When you stand next to a painting and the gallery owner comes explains to you the history of the artist, or the technique that they’ve used and all of the sudden you see a completely different painting than you originally saw…

I think we’re saying the same thing. What I’m talking about is when that server doesn’t have that skill or the passion or the…

But that’s what I’m saying too. If the gallery owner doesn’t answer your question or answers your question so that you absolutely don’t understand what he or she is talking about, you’re on your own.  The connection you’re craving is almost irrelevant; it will never be a perfect experience. Somebody eating tonight at Pujol probably had a bad experience, and that’s unavoidable.  Someone here at the hotel may not have a good experience because they don’t like this kind of architecture, the room décor, whatever.   

Are you saying that we’re taking this all too seriously?

Not you and I, or certainly not me…

I think I’m taking it too seriously.


And there’s absolutely nothing wrong with that. It reminds me of those articles we were talking about.  What is the point of these articles? They’re not constructive at all and at the bottom of it they’re trying to stop evolution.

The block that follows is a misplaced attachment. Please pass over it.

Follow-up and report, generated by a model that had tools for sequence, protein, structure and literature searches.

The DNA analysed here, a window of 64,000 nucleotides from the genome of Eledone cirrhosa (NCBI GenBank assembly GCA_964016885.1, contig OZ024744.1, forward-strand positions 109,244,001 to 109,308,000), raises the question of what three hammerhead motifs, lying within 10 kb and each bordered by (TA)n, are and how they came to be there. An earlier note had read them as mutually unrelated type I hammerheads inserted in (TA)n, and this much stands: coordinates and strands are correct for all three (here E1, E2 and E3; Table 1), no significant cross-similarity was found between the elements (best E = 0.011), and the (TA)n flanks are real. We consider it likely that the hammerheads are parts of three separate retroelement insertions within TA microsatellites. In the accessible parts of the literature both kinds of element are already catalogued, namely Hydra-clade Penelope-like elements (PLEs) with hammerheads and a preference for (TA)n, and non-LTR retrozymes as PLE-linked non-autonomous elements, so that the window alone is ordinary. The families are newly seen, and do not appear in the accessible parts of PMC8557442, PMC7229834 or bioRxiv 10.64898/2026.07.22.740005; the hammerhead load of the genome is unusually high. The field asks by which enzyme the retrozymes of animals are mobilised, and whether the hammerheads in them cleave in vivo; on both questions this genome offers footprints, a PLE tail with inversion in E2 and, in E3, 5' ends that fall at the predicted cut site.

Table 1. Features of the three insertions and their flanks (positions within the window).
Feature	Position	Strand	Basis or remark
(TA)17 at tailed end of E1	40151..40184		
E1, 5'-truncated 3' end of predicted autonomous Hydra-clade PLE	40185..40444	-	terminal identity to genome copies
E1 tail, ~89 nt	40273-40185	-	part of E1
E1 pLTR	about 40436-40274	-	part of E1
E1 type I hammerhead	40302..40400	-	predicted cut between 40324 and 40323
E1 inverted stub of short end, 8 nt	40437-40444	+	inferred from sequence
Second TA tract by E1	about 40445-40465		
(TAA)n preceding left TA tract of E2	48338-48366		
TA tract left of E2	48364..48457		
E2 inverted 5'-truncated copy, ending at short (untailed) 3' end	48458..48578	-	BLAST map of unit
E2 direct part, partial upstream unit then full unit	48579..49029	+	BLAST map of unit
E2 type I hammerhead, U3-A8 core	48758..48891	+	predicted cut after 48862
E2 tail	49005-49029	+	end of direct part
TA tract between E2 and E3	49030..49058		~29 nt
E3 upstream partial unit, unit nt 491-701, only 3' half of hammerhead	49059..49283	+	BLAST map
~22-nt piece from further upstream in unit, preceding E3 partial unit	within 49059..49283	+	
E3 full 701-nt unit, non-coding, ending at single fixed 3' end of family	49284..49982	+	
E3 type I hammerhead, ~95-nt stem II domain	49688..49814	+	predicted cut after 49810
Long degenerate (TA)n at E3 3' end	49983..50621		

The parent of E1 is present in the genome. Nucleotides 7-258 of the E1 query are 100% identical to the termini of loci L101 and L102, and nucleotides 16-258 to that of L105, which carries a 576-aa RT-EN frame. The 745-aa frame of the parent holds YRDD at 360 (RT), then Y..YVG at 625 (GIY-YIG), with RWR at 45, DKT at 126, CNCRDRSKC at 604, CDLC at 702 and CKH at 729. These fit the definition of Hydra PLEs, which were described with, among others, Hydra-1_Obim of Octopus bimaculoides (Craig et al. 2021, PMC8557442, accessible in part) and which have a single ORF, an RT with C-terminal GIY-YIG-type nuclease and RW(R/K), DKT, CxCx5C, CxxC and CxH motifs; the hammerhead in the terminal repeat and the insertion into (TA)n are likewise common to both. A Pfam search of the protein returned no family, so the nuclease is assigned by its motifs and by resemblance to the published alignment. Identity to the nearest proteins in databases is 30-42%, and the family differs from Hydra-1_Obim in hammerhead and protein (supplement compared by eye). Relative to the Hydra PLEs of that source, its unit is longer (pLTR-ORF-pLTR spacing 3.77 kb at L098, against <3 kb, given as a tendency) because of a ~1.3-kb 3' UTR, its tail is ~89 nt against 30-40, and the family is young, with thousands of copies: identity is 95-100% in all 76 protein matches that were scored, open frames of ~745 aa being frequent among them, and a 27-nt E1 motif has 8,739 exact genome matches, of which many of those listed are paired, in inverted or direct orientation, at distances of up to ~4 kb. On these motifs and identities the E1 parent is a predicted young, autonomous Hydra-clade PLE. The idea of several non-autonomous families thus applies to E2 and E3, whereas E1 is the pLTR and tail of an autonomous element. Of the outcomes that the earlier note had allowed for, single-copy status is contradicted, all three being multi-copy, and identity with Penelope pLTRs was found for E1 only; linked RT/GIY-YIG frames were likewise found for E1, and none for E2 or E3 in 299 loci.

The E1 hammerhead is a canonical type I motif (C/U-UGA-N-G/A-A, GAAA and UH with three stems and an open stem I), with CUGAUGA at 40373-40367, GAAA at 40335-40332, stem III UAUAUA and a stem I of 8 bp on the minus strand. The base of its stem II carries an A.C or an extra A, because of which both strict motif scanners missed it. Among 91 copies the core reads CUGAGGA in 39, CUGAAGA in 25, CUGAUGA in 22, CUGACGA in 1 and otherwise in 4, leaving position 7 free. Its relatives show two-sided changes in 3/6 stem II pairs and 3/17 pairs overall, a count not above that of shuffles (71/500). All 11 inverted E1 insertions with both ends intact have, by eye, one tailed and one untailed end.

Explain to me what you mean by that.

From what they’re saying, questioning the importance …

Or belittling it.

Yeah. It’s like questioning Andy Warhol’s relevance in the history of art.

Well that’s a good example because there’s people who would maybe say he’s not really a “serious” artist.

Yet he’s had such a huge influence on other generations after him. He’s completely opened a door that was not even open before. I question these kinds of articles. What is the point? That these restaurants are irrelevant?

I don’t know if they’re saying they’re irrelevant. It’s about that they’re too self-important, that they take themselves too seriously, that everything about them, from the style of service to the price that you’re paying, to the ambiance, the list of ingredients is oh so overwrought that it can drive you crazy.

Doesn't have to be highbrow to make it
on to Instagram, as long as it's food